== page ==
- Created on Thursday, 02 June 2005 17:08
- Written by Susan Capparelle
Austin, Texas – With just $7,500 each, Gary Dufresne and Kevin Lindgren invested in the purchase of a commercial laundry plant with revenues of 15-million a year. Without much money between them, Dufresne and Lindgren drew on their experience and hard-working attitudes to attract the right backer in 2003. The rest is a monumental success story.“We took a huge risk and it paid off,” said Gary Dufresne, CEO. “The total cost of the facility was around 5 million. Now, all our debt is paid off sowe must be doing right.”
The enormous 126,000-square-foot plant currently processes about 25 million pounds per year – half of its capacity. But the most unique feature of the facility is the plant layout. “It’s three plants under one roof,” Dufresne said. “Most plants have some linen and some uniform, or some health care and food and beverage but not many will do all three like us.”
Dufresne learned the business from route driver up to regional director during 13 years with a textile rental firm in California before being appointed vice president of operations at Tartan Textile Services. Tartan Textile Services, the Houston-based company previously owned the Austin plant that is now home to Texas Linen. Lindgren, company president, had a newspaper industry background before beginning work at Tartan in human resources and becoming vice president of that division. Both men saw incredible potential in the Austin plant. Its size, capacity and location along the I-35 corridor were major plusses.
Their familiarity with the market, first hand operational knowledge of the industry and a promising business prospectus convinced asset based, private lender Briar Capital LP to back them in the plant’s purchase bid. “When you’ ve got two operators that don’t have a lot of cash it’s a way to get an entry into the business itself,” said Dufresne.
Today, Texas Linen has 203 employees and branches in San Antonio, Corpus Christi and Houston. Its customer base stretches from Waco to the Rio Grande Valley. The plant processes 500,000 pounds of laundry a week from hospitals, hotels, motels, restaurants and industrial uniforms.
Just prior to their purchase, Tartan had spent in excess of 1-million dollars on new equipment for the Austin plant so Dufresne and Lindgren were able to ‘take over and just flip the switch.’ The only changes they’ve made so far are an expansion into uniform processing, the addition of route accounting and a new water reclamation system last December.
TURNING A PROFIT
According to Dufresne the company turned a profit in the second month of operation and started to return notes to the lender by the fifth month. “Texas Linen hasn’t even begun to work yet,” said Lindgren, president. “The plant is currently operating profitably but we have an enormous growth potential.”
The plant has also caught the attention of the city of Austin in the form of operational awards. Recently it received the "Excellence in Pretreatment" award from the city’s wastewater department. The facility uses Ellis’ DAF system to pre-treat their water. It was also awarded the "ICI Water Conservation Award" from the Austin Water Conservation Department. They currently recycle 1.2 million gallons a month using Aqua Recycle’s machinery.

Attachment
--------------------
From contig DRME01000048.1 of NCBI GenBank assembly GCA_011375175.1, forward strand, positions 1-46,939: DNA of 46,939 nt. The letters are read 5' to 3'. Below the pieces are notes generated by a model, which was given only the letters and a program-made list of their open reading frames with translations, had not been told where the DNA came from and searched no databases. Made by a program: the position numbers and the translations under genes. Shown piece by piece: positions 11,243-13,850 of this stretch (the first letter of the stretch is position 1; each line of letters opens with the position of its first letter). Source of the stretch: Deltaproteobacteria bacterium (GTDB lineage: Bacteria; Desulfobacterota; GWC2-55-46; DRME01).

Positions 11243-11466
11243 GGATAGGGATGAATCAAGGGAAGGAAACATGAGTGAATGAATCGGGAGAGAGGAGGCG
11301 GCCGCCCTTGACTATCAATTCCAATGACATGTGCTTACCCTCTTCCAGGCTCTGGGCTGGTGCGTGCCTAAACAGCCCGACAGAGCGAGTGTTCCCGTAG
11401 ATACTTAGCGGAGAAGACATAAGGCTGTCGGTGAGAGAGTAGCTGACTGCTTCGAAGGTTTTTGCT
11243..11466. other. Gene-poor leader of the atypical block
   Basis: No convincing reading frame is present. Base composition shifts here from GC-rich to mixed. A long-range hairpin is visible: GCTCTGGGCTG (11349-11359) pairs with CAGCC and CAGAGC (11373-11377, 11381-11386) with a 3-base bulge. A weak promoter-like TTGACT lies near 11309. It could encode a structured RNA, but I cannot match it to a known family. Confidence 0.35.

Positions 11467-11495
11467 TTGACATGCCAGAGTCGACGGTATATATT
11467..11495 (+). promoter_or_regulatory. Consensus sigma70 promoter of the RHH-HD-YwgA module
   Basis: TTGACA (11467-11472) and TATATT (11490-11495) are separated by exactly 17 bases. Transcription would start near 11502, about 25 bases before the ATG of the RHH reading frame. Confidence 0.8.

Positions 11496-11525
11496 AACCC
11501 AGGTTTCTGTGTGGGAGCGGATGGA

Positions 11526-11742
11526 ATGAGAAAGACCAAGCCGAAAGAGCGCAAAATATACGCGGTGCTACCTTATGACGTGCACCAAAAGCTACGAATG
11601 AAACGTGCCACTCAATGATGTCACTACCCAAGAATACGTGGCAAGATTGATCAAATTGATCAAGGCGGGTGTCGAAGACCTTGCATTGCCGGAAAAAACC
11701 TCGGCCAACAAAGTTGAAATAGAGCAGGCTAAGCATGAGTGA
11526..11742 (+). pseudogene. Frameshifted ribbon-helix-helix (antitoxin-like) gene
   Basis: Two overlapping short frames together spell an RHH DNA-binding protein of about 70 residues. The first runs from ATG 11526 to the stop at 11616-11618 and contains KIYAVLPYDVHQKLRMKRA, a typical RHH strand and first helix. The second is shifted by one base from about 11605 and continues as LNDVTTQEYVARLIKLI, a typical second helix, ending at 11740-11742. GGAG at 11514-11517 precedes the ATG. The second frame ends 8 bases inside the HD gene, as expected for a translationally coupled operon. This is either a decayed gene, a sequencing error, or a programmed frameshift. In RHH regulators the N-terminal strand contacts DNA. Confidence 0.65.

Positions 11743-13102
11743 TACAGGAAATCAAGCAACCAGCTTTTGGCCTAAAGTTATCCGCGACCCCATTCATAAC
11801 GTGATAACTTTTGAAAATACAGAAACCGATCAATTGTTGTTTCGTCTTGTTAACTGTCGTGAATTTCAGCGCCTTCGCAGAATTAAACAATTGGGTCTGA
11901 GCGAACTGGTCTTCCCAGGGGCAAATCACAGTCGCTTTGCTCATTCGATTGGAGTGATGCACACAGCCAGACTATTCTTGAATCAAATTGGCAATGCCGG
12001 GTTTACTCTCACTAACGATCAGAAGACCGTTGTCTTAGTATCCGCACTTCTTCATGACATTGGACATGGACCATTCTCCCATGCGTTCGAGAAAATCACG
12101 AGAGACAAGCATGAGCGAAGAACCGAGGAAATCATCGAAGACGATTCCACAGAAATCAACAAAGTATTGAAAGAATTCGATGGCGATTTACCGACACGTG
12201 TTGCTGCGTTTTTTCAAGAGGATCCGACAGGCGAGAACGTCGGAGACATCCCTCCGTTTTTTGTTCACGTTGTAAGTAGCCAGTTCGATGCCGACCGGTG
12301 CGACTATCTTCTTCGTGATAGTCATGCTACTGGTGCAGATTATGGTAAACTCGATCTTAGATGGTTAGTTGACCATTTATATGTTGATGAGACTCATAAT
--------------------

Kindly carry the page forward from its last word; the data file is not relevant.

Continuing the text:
On the food and beverage washroom side two Milnor CBW’s, a 16 MOD and a 12 MOD, handle washing goods assisted by 6 Milnor washer/extractors, four 450-lb and two, 125-lb. Five Milnor dryers complete the cycle. An E-Tech E-Rail System moves goods throughout the facility. Seven American Super Sylon Ironers handle flat work along with folders including a Master Eclipse, a Lavatec small piece folder and a Jensen Constellation Sheet folder. On the healthare side, 2-Milnor 11 Mod CBW, and 8 Milnor 220-lb dryers work with a Milnor 450-lb Staphguard to wash goods. Two Challenge Cook dryers complete the process. Also used for flatwork are the Jensen Constellation sheet folder, a Braun small piece folder and two Jensen blanket folders.
Among the many challenges facing the partners are merchandize and labor control, building back revenue stream and maintaining the customer base. “You’ve got measurements for the first two i.e. with merchandize control soil supply and clean demand need to match,” said Lindgren. Another challenge is changing the attitude of the employees and customers. “We are another group of new owners,” said Dufresne. “We had to improve quality and service quickly.”
Dufresne and Lindgren have a 7 year business plan that emphasizes quality service and on time deliveries. “Our biggest goal is building revenue stream,” said Dufresne. “As you go through generations of owners you may lose customers. When we purchased this plant it was at the lowest level of revenue. Revenue has since increased about 5%. But there are no short cuts to success,” he adds. “You make your own luck through hard work and perseverance.”
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Fire in Jail Laundry
DURHAM, N.C. — A fire in the laundry room at a County Jail in Durham damaged goods but required no evacuation. The fire, which originated in a dryer, damaged hundreds of uniforms. In addition to the lost goods, the jail’s laundry sustained water and smoke damage. The fire was extinguished by the sprinkler system that had been activated.